Thursday, August 9, 2007

Good free riders and bad free riders

In the five months since I first wrote about GooTube, the controversies continue over its business model based on using other people’s IP without paying them.

Someone who follows the controversies more closely than I do is Prof. Michael Madison of the law school at the U. Pittsburgh. We met at a conference in January (just I was starting the blog) and compared notes about blogging as a productivity destroyer. His “Madisonian” blog is in my RSS reader because of a high ((quality+relevance)/word) ratio. Other IP Law blogs in my reader are more familiar sites like Groklaw, which certainly have important tidbits but are less succinct in their content.

Catching up with Mike’s blog, I noticed two updates of interest to my readers (whose numbers increased last week by 25).

First, he uses an allegorical tale about “free riders” to put the GooTube business model into perspective. (That the tale happens to be true makes it even better). I’m not sure I agree with his conclusions, but the issues he raises are important (and less obvious) ones to consider as lawyers, judges and politicians try to decide how to balance the rights of GooTube and content owners. (My own view is that so far the market seems to be working — content owners are voluntarily negotiating deals with Google, although success for the Viacom lawsuit would change the prices a little).

Second, he updates the important test of the “fair use” copyright doctrine of law school instructor (and former EFF affiliate) Wendy Seltzer. Seltzer has cleverly designed an experiment (lawyers would call it a “test case”) to challenge the absolute right of a content owner under the 1998 DMCA to demand removal of their copyrighted work from a website (in this case GooTube). (See my March 28 posting for the details of the controversy).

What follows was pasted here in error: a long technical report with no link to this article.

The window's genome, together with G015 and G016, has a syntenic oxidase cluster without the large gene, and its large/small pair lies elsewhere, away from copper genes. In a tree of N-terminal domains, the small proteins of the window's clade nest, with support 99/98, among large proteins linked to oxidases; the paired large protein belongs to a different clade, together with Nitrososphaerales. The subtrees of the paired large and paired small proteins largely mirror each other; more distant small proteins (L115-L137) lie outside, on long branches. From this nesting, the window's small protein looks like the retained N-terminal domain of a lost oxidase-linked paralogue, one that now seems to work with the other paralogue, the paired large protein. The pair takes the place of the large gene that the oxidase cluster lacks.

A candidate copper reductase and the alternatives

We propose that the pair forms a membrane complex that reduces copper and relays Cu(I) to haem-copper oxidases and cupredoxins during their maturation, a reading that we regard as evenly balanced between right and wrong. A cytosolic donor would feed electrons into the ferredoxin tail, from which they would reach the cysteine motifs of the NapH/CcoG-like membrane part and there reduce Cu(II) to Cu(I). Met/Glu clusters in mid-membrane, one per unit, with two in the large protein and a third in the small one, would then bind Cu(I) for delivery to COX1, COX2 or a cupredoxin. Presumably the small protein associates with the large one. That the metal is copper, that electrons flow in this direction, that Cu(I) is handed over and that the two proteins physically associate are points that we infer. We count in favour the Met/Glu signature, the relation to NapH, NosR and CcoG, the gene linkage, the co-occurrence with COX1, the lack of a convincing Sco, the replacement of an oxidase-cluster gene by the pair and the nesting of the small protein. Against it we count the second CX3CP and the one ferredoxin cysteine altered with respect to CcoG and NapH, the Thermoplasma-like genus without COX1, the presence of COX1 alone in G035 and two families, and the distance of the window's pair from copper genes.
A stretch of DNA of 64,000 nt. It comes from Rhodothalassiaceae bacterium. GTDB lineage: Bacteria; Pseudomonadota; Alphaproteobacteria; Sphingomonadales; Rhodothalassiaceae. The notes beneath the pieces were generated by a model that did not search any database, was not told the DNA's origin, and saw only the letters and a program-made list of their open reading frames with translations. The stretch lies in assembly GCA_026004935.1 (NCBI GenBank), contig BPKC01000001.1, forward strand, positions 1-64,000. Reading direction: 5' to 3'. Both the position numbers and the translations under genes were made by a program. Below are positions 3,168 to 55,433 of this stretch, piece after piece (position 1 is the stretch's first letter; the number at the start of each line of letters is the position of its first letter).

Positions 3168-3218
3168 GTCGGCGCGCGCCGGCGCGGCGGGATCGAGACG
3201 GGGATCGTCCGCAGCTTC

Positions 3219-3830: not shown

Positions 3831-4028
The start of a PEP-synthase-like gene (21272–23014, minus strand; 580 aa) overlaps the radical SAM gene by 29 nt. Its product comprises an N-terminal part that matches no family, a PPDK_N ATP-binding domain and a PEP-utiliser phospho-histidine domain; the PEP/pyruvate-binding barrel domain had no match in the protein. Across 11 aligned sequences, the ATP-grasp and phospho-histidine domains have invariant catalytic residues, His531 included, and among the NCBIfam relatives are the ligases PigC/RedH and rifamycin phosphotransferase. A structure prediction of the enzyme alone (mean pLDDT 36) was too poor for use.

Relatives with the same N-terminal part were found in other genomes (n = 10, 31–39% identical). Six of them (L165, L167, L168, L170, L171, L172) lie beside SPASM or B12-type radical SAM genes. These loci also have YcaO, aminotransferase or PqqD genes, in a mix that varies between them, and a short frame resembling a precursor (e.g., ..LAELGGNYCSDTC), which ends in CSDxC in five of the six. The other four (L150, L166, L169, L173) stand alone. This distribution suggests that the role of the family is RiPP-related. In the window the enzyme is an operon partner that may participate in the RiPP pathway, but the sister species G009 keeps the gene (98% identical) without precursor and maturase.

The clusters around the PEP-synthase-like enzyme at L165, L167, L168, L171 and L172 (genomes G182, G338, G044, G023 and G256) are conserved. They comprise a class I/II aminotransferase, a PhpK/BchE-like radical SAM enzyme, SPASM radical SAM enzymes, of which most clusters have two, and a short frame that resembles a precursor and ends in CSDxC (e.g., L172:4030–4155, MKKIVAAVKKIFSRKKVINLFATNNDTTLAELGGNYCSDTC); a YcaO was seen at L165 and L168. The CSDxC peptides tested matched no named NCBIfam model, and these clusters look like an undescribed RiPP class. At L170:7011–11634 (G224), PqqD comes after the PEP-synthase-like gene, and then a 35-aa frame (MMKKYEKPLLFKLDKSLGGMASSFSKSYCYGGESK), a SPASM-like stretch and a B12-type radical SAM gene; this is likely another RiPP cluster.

While protecting content owner rights is important, equally important is that copyright law has long provided an exception for “fair use”. I rely on that exception every time I quote a paragraph from someone’s website or news article. Since Seltzer is using the video clip for commentary — and since it has absolutely no commercial value — in my para-legal opinion it seems like this would be an open and shut case in her favor.

Seltzer has gone another round with the NFL, and Madison dissects the NFL’s latest legal manuevering. He is a lawyer (while I don’t even play one on TV) so the value-add is not just in the news story but in his explanation of what’s going on and what the likely consequences are.

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Mike Madison said...

Thanks for reading and commenting. The post about Wendy Seltzer's case was written by my blogging and scholarly colleague Alfred Yen, who teaches IP law at Boston College Law School.

Here's the post URL.

Joel West said...

I stand corrected. I was reading the Seltzer post in my RSS reader where some of the header information is not so prominent.